SACRAMENTO, Calif. (KTXL) – Just like for businesses and schools across the state, COVID-19 has forced California’s equal rights activists to adapt.
In years past, thousands would come from near and far to join together for the annual Women’s March in Sacramento.
“This is a message that we need to get out to the people, as many ways as possible,” said Scarlette Bustos, Lead Coordinator of Women’s March Sacramento. “The message is that the fight is not over.”
But because of COVID-19 safety constrictions, the event was held virtually and instead of the march, a caravan of cars went around the city.
In years past, Sacramento has had thousands come together for the annual Women’s March. An event that brings those near and far together, rallying for equal right.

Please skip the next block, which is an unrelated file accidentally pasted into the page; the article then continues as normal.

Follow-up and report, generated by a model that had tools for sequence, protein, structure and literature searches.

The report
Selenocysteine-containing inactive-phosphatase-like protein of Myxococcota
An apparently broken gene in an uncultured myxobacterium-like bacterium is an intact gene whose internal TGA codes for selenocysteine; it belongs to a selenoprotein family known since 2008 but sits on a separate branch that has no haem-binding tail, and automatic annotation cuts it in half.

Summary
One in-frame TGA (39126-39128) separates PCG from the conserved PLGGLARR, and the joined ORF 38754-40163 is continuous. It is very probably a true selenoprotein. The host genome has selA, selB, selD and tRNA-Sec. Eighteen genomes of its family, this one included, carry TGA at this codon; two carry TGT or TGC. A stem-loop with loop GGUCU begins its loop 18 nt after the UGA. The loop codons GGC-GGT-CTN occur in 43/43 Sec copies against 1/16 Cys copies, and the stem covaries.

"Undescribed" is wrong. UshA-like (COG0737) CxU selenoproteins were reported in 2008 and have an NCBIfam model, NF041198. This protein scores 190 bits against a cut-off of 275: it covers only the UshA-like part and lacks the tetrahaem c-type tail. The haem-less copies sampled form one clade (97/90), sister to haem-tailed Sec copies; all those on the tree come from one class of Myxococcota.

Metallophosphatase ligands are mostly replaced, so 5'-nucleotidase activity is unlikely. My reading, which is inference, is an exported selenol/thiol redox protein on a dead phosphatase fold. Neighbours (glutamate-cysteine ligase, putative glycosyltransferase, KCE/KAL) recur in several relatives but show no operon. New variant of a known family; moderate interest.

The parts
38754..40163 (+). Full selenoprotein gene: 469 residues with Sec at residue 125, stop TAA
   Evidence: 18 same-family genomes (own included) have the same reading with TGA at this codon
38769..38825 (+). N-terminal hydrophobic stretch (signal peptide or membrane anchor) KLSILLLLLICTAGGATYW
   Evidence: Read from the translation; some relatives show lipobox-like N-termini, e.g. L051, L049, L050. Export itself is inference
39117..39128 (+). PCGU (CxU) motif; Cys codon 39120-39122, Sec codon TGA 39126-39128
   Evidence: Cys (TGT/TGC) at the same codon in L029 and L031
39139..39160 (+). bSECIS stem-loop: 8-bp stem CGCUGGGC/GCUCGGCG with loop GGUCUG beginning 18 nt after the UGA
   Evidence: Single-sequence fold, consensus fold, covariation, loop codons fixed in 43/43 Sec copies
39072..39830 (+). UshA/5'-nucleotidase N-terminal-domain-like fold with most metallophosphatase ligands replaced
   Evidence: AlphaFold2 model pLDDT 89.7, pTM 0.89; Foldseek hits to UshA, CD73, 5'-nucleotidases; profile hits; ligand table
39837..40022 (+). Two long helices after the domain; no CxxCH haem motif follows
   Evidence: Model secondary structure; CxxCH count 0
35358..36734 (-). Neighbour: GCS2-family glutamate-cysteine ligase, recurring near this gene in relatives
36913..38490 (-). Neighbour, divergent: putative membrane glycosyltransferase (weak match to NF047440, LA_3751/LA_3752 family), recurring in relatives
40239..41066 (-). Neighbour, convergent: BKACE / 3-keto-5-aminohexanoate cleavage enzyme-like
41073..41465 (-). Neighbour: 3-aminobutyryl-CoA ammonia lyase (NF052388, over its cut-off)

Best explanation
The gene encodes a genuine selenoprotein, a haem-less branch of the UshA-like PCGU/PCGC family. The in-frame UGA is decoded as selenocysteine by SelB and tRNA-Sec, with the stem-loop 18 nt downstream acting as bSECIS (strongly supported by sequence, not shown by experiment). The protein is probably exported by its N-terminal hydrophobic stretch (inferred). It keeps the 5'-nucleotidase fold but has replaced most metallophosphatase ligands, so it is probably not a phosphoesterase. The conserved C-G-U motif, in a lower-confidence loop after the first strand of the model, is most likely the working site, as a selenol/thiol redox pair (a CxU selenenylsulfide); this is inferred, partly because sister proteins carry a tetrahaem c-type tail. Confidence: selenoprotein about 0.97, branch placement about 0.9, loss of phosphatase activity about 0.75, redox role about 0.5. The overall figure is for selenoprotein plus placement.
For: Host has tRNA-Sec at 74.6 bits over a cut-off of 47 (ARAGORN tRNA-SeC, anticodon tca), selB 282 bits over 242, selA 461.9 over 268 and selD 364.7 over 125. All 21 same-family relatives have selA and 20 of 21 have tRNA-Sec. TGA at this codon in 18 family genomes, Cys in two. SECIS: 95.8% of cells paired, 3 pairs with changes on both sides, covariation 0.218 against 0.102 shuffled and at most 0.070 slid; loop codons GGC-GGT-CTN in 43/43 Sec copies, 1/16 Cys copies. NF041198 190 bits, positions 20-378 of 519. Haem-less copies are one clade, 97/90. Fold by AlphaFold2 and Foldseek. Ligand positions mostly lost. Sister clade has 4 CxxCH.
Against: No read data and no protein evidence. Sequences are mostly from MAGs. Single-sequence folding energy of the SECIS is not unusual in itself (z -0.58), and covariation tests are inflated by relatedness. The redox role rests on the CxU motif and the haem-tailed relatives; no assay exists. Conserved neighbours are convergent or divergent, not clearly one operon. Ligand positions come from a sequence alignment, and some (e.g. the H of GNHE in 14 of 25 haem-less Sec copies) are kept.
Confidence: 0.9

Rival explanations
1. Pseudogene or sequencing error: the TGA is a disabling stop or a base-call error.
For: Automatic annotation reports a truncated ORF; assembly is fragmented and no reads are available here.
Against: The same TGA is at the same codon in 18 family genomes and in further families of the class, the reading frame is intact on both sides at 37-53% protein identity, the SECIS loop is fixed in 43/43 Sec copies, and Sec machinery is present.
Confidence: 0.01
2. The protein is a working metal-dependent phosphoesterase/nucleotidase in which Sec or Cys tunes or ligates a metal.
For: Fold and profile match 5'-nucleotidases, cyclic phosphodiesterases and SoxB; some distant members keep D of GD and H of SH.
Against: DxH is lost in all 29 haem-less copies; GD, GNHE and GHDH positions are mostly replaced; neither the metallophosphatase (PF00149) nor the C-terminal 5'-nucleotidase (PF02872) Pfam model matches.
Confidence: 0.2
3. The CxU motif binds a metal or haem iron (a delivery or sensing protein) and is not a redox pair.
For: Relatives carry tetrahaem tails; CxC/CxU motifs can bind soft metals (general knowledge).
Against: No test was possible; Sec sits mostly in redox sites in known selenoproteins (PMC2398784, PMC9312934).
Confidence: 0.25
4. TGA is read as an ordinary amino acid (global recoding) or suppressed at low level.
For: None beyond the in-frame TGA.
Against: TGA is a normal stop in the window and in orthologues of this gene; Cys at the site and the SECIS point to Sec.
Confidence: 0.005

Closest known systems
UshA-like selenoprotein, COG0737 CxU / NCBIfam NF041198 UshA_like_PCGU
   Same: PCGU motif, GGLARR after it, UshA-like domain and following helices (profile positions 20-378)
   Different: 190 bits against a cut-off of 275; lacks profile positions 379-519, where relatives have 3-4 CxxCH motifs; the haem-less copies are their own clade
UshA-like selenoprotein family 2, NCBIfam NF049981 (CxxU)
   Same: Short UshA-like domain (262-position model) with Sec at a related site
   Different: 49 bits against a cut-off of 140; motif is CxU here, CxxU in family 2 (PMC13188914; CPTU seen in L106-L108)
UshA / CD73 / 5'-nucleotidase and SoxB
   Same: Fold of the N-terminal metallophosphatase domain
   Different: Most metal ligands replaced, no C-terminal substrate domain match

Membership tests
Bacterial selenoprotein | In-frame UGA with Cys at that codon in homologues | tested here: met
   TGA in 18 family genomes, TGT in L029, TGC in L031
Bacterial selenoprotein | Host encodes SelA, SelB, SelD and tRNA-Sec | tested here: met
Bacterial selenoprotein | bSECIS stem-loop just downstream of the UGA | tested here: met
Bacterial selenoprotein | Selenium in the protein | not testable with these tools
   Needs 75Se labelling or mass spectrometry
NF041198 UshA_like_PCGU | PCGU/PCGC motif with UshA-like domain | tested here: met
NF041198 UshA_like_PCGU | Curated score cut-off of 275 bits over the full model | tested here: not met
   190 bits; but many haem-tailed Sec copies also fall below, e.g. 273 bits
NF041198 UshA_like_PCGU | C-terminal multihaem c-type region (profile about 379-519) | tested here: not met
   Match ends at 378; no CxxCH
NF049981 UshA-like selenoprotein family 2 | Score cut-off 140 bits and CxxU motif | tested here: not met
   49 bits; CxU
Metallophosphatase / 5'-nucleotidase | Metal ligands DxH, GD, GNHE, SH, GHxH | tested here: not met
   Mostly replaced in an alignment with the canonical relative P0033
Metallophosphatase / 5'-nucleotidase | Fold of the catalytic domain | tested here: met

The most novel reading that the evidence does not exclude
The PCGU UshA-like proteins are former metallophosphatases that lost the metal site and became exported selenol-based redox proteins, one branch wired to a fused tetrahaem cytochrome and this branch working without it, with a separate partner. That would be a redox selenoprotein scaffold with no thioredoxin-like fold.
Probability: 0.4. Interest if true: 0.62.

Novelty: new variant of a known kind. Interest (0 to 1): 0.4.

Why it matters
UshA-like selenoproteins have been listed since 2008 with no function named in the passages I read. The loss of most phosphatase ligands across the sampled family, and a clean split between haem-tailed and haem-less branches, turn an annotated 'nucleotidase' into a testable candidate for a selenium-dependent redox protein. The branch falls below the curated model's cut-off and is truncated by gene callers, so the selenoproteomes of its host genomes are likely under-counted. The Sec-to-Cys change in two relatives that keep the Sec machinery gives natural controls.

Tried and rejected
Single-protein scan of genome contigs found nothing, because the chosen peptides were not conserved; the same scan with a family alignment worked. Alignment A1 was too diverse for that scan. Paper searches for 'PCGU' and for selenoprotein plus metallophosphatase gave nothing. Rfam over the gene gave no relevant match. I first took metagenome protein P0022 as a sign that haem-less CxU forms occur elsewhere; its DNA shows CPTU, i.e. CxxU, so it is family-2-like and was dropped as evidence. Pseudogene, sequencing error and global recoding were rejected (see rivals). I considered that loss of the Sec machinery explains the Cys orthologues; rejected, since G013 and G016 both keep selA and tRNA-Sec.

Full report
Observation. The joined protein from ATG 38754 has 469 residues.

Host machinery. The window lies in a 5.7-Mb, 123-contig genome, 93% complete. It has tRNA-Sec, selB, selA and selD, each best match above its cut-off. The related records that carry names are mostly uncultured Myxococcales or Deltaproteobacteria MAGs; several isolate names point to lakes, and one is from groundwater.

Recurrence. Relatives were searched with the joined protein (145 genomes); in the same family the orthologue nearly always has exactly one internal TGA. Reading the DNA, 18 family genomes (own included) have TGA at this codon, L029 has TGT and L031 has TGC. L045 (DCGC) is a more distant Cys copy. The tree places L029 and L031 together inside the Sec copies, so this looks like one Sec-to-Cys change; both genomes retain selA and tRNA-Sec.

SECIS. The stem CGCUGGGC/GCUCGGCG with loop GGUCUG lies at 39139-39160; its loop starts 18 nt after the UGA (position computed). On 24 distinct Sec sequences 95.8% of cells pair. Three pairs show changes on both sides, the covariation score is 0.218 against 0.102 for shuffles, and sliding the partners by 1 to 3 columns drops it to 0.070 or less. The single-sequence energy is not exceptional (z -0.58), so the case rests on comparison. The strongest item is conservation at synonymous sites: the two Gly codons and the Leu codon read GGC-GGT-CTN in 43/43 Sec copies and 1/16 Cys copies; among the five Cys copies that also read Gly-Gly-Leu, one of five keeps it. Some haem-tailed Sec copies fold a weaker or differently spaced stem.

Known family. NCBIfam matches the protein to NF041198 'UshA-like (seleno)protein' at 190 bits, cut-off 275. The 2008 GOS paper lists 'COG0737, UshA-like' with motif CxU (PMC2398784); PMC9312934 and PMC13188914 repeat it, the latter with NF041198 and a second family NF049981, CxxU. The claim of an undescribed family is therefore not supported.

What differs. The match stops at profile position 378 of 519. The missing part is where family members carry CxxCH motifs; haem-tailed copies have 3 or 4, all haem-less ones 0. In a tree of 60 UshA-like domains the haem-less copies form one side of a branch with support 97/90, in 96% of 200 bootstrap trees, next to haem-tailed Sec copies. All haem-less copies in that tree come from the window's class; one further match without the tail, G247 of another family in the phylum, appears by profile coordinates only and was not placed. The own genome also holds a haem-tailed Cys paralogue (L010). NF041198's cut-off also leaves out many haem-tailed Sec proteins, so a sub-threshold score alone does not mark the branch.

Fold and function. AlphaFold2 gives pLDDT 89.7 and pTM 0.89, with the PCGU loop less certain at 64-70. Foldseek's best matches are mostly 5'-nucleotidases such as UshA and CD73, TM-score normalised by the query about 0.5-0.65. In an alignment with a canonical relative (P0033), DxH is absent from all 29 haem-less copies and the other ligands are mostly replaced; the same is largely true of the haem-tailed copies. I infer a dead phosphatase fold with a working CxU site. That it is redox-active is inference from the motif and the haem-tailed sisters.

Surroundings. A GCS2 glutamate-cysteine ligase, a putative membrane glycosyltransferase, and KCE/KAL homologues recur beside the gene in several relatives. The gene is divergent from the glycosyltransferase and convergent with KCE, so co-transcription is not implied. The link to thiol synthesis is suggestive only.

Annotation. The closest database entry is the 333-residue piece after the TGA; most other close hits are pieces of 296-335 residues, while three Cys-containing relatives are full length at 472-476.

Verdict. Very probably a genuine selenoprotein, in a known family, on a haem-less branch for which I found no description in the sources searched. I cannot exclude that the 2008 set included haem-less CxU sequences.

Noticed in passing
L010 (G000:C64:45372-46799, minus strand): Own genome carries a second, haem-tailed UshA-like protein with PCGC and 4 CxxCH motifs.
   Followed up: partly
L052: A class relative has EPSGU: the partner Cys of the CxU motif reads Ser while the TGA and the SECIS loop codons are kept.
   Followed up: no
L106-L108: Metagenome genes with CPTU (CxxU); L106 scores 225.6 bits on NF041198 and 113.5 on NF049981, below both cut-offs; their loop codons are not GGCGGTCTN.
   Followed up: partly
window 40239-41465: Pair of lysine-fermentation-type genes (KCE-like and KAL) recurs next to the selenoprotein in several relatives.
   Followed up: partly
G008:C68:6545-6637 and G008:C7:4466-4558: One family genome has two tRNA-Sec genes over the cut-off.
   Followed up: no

But because of COVID-19 safety restrictions, it was done virtually. And instead of the march, a caravan of cars went around the city.
“We encourage the people to unite online, to hear the calls of action of the different civil rights leaders of, right here in our neighborhoods,” Bustos said. “Just because we have a new president, that doesn’t mean that we have equal rights for women. It doesn’t mean we have equity in pay. It doesn’t mean that we have immigration rights, which are a woman’s issue. It doesn’t mean we have racial justice, which is also a woman’s issue.”
“As a non-binary person, I am very affected by equity and different issues. So, I’m out here supporting women as well,” explained Rachelanne Vender Werf, the American River Flood Control District trustee.
They say the message of continuing to fight for equality, extends beyond gender, race and age.
“It’s a basic human right. We all deserve equal rights and young girls need to know everywhere, that they have just as much right as anyone else, to be able to be a leader. To be able to have a voice,” Vender Werf said.